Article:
Detail is the key in the short animations. Everything I Can See From Here, in which a football lost in a dun-tinted watercolour landscape is returned by a Day-Glo alien with a floodlit smile, scores aesthetic points only, as does I Am Tom Moody, about a musician with a personality disorder, where form (moist, twitchy stop-motion) is more sophisticated than content. Both lost the animation Bafta to Sleeping with the Fishes, a love story that brings together a fishmonger and her trout-like suitor. The distinction between the species is academic, the tone an unlikely mix of the wistful and the macabre.

The live-action winner was also a work that respects the confines of the form properly. Room 8 brings some Twilight Zone alchemy to a pocket-sized tale set in a prison cell. Its location is deceptively cramped but hidden in the narrative are compartments of infinite physical and philosophical space. And if you are searching for a definition of the sort of advantage that a short film can have over a feature, I just gave it to you. That was my best shot.

Ryan Gilbey is the New Statesman's film critic. He is also the author of It Don't Worry Me (Faber), about 1970s US cinema, and a study of Groundhog Day in the "Modern Classics" series (BFI Publishing). He was named reviewer of the year in the 2007 Press Gazette awards.

This article first appeared in the 26 February 2014 issue of the New Statesman, Scotland: a special issue

Harry Styles. Photo: Getty
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How podcasts are reviving the excitement of listening to the pop charts

Unbreak My Chart and Song Exploder are two music programmes that provide nostalgia and innovation in equal measure.

“The world as we know it is over. The apo­calypse is nigh, and he is risen.” Although these words came through my headphones over the Easter weekend, they had very little to do with Jesus Christ. Fraser McAlpine, who with Laura Snapes hosts the new pop music podcast Unbreak My Chart, was talking about a very different kind of messiah: Harry Styles, formerly of the boy band One Direction, who has arrived with his debut solo single just in time to save the British charts from becoming an eternal playlist of Ed Sheeran’s back-catalogue.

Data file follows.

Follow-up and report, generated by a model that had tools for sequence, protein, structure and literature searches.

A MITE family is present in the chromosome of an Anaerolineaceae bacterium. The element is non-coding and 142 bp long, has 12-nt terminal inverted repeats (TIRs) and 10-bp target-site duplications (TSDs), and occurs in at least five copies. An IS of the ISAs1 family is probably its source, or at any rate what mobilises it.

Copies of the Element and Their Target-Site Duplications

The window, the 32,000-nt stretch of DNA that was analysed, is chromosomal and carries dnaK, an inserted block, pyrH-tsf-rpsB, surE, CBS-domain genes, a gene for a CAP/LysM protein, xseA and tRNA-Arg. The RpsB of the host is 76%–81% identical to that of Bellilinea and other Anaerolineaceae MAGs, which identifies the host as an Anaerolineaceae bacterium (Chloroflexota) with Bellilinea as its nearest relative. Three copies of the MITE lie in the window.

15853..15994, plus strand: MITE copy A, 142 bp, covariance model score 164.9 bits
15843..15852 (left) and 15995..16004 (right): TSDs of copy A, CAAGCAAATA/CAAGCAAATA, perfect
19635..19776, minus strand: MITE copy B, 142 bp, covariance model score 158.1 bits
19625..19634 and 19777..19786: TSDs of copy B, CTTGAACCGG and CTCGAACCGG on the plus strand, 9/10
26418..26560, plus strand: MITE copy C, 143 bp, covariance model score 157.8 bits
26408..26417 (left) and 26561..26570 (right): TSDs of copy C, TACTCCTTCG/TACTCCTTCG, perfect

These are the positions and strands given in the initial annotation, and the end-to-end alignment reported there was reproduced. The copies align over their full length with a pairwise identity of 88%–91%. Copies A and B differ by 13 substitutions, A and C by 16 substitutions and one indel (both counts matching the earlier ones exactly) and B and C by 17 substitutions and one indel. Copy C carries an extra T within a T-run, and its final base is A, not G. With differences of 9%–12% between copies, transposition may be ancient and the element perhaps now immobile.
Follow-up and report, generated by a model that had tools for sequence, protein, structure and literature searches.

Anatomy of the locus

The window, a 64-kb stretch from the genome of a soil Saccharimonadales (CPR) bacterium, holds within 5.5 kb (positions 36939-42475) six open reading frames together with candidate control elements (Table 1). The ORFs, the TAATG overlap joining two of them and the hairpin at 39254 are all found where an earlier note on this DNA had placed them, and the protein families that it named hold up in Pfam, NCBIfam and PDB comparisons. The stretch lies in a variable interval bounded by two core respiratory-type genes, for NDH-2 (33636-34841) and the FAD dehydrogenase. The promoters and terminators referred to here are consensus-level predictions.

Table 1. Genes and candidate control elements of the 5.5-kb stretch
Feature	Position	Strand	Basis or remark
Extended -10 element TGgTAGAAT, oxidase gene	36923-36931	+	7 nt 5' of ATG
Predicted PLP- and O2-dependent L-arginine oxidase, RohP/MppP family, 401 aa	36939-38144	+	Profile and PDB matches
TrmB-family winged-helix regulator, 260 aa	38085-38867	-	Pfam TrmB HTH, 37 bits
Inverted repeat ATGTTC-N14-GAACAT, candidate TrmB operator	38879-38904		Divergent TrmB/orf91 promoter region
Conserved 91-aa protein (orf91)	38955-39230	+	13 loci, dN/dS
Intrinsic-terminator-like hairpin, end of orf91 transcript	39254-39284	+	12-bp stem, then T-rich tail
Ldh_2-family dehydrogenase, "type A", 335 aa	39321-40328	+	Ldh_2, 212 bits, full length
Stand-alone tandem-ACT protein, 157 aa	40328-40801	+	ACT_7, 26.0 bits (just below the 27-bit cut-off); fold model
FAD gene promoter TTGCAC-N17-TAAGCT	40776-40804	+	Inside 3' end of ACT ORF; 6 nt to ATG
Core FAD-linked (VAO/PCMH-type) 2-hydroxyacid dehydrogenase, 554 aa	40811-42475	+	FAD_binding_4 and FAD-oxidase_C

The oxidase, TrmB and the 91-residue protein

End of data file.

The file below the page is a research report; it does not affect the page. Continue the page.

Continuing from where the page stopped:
Unbreak My Chart is based on a somewhat nostalgic premise. It claims to be “the podcast that tapes the Top Ten and then talks about it at school the next day”. For those of us who used to do just that, this show takes us straight back to Sunday afternoons, squatting on the floor with a cassette player, finger hovering over the Record button as that tell-tale jingle teased the announcement of a new number one.

As pop critics, Snapes and McAlpine have plenty of background information and anecdotes to augment their rundown of the week’s chart. If only all playground debates about music had been so well informed. They also move the show beyond a mere list, debating the merits of including figures for music streamed online as well as physical and digital sales in the chart (this innovation is partly responsible for what they call “the Sheeran singularity” of recent weeks). The hosts also discuss charts from other countries such as Australia and Brazil.

Podcasts are injecting much-needed innovation into music broadcasting. Away from the scheduled airwaves of old-style radio, new formats are emerging. In the US, for instance, Song Exploder, which has just passed its hundredth episode, invites artists to “explode” a single piece of their own music, taking apart the layers of vocal soundtrack, instrumentation and beats to show the creative process behind it all. The calm tones of the show’s host, Hrishikesh Hirway, and its high production values help to make it a very intimate listening experience. For a few minutes, it is possible to believe that the guests – Solange, Norah Jones, U2, Iggy Pop, Carly Rae Jepsen et al – are talking and singing only for you. 

Caroline Crampton is assistant editor of the New Statesman. She writes a weekly podcast column.

This article first appeared in the 20 April 2017 issue of the New Statesman, May's gamble